Indianapolis, IN boosts mobility by pivoting away from cars
The city’s transit authority is looking to rapid transit and other solutions to deliver sustainable and cost-effective alternatives to driving.
To many people, Indianapolis, IN calls to mind images of cars. IndyCar racing, and the Indianapolis 500 are one of the top attractions in car racing, and draw hundreds of thousands of fans each year.
But beyond Indy’s four-wheel-fame, the city is taking major steps to move beyond its car-based culture, and establish a greener, more cost-effective transportation system.
What’s interesting is IndyGo, the team behind Indianapolis’s transit plans, isn’t just focusing on one new feature or enhancement. Instead, the organization is looking at the system as a whole, and reimagining how all the parts fit together to create a network that benefits all citizens’ lives — whether they’re using public transportation or not.
As cities across the world are turning to innovative transportation solutions to reduce emissions, eliminate traffic, and open up new areas to economic development, Indianapolis’s approach provides a valuable case study.
As Govlaunch works to build the global wiki for local government innovation, we’re highlighting a series of Innovators — cities, towns, and counties who are implementing transformative ideas and fostering a culture of innovation. We chatted with Inez Evans to learn about how Indianapolis is working to transform its transit system.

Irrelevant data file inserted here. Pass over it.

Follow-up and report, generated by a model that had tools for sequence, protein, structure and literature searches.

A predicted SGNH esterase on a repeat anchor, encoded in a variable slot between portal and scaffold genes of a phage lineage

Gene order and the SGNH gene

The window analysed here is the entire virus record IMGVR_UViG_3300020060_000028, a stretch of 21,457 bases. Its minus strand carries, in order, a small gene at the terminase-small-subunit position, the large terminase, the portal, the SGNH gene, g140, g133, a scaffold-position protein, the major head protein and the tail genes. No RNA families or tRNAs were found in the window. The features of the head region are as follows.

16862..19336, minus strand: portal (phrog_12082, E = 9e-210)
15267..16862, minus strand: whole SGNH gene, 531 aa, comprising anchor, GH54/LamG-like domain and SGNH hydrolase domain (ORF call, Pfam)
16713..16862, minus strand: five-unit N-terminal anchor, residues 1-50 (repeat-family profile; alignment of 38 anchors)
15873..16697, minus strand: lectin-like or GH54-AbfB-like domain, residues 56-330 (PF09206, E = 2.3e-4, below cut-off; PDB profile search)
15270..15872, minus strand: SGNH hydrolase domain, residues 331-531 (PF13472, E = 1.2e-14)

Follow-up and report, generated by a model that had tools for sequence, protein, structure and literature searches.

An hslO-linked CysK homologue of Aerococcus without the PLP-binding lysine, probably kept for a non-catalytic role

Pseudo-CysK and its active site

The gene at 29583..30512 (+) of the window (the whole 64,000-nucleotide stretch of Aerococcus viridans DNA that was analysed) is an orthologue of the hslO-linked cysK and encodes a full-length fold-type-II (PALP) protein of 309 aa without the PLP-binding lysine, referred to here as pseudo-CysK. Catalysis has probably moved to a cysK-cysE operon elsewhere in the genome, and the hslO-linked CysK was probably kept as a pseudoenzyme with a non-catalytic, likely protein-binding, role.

“Indianapolis is known to be a car city; how does that impact us? We’re working on how we can redefine transportation.”
The goals, says Evans, are to turn Indianapolis into a greener city, and increase mobility and accessibility. To do this, IndyGo has introduced a five-year plan to revamp the city’s transit infrastructure and services, and increase mobility offerings by 70 percent. This program is funded by a mix of property taxes, federal government grants, rider fares, and a voter-approved 0.25-percent county income tax increase.
The first phase of this plan focuses on something that Indianapolis had previously been slow to adopt: riding the bus.
So when faced with the need to move more people in an environmentally friendly and cost-effective way, IndyGo turned to electric bus–powered Bus Rapid Transit routes — also known as BRTs.
According to Evans, busses are often considered as a precursor to rail-based transportation. But the busses themselves have a lot of benefits, starting with financial:
“We’re averaging about $130 per hour to run a bus on the street. A rail car can run upwards of $700 per hour.”
Beyond that, busses offer a lot more flexibility than a train system. Says Evans:
“A rail car is on a fixed guideway — it’s on two rails, it can’t make a left, it can't make a right. It can’t make detours. But bus rapid transit can. It gives you a lot more flexibility when you have issues going on.”
This ability to change has already come in handy, says Evans, when restaurants had to limit indoor dining and were looking to expand into the street:
“We were able to change the bus route slightly to help the city in its initiative to bring the stores and restaurants out into the streets for outside dining and space. If we’d have had a rail car, we may not have been able to do that because there are restrictions of how close you can actually be to a rail system.”